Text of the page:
Experts have commented that the annual fires in Sumatra and haze prohttps://www.spireresearch.com/newsroom/media/sustainable-palm-oil-production-remains-hazy/blem can be reduced through concerted efforts on the ground. All stakeholders can play a part in adopting sustainable sourcing practices. Leon Perera, Chief Executive Officer of Spire Research and Consulting, gave his two cents on how palm oil companies can take the necessary measures to avoid such haze problems.
As with previous years, there was much large-scale burning in many parts of Sumatra during this time of the year. With the winds during the Southwest Monsoon, smoke and unhealthy particulates from the burning vegetation would inevitably head towards Singapore and Malaysia. As such, many Palm Oil and pulp companies were facing increasing pressure to put an end to such traditional slash-and-burn practice – a method to clear land cheaply.
Hence, large companies should be responsible for educating and providing the farmers with alternatives to slash-and-burn methods. With some 40% of Indonesia’s Palm oil produced by third-party crops or owners of small farms, there was a need for the large companies to find out if they were supplied with sustainably produced palm oil and other raw materials.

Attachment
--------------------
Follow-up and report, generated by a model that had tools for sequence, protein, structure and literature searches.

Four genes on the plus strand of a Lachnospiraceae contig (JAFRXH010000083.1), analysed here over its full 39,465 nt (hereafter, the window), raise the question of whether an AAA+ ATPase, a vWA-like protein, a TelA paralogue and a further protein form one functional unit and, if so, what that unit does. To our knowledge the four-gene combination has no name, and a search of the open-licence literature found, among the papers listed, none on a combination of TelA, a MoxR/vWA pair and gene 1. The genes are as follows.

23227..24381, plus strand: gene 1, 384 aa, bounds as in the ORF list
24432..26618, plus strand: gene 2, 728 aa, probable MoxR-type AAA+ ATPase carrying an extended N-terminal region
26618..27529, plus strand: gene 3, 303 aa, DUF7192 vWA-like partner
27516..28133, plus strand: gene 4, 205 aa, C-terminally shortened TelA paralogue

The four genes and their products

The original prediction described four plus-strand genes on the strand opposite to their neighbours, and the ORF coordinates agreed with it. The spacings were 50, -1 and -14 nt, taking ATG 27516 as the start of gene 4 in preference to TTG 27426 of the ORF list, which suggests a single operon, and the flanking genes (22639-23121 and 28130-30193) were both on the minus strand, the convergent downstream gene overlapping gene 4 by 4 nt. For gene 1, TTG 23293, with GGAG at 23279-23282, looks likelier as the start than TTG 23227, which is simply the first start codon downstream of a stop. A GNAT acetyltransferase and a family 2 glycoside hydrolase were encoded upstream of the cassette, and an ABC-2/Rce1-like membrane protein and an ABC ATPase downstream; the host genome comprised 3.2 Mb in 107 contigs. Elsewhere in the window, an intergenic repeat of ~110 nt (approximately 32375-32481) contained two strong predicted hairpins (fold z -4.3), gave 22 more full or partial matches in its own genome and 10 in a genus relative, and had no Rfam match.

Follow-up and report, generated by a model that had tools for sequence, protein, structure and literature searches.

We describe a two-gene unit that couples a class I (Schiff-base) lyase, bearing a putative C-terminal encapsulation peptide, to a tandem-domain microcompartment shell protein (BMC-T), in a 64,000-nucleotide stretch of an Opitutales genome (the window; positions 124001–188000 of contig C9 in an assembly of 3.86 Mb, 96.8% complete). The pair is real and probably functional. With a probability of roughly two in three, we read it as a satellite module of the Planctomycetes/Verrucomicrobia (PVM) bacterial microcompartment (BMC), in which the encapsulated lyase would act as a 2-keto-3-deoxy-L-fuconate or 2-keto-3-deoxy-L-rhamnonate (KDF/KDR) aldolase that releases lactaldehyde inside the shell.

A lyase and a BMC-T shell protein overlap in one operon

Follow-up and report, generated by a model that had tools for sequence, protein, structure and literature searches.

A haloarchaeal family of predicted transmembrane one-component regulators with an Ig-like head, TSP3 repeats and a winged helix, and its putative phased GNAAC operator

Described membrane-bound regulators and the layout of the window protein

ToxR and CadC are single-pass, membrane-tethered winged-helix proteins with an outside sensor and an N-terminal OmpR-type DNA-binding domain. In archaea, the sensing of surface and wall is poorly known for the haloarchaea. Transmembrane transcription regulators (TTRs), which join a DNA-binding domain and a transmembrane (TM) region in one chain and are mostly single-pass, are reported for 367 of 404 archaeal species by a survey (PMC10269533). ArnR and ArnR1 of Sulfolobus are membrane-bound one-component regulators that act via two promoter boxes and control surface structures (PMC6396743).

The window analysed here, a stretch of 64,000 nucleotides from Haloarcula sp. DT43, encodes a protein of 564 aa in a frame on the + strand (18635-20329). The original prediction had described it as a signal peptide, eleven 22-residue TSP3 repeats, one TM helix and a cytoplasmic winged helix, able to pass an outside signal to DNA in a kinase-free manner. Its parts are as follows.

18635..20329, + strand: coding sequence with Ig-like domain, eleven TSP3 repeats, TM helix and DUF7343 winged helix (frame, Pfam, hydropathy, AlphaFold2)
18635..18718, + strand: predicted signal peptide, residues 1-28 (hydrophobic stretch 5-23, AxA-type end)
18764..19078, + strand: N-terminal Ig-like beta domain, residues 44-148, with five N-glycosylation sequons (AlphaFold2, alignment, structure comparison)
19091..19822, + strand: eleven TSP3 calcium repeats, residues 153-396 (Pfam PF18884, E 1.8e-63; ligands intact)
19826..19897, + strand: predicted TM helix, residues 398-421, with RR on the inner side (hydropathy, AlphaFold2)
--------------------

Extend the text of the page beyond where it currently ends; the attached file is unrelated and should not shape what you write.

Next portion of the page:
Meanwhile, many large Palm Oil Companies were “pledging to produce palm oil sustainably – by not clearing forests of high conservation value, not developing on peat land, and adhering to a no-burn policy”. Perera shared that banks, pension funds, sovereign wealth funds and asset management funds can help to bolster such efforts.
He also observed that there was an escalating concern from investors, as they wanted to avoid any possible boycott, blacklisting or adverse regulatory decision from the palm oil companies that they had invested in. He added that Singapore’s proposed Transboundary Haze Pollution Bill was a sign that governments were “ready to take tougher action to enforce laws and take companies to task”.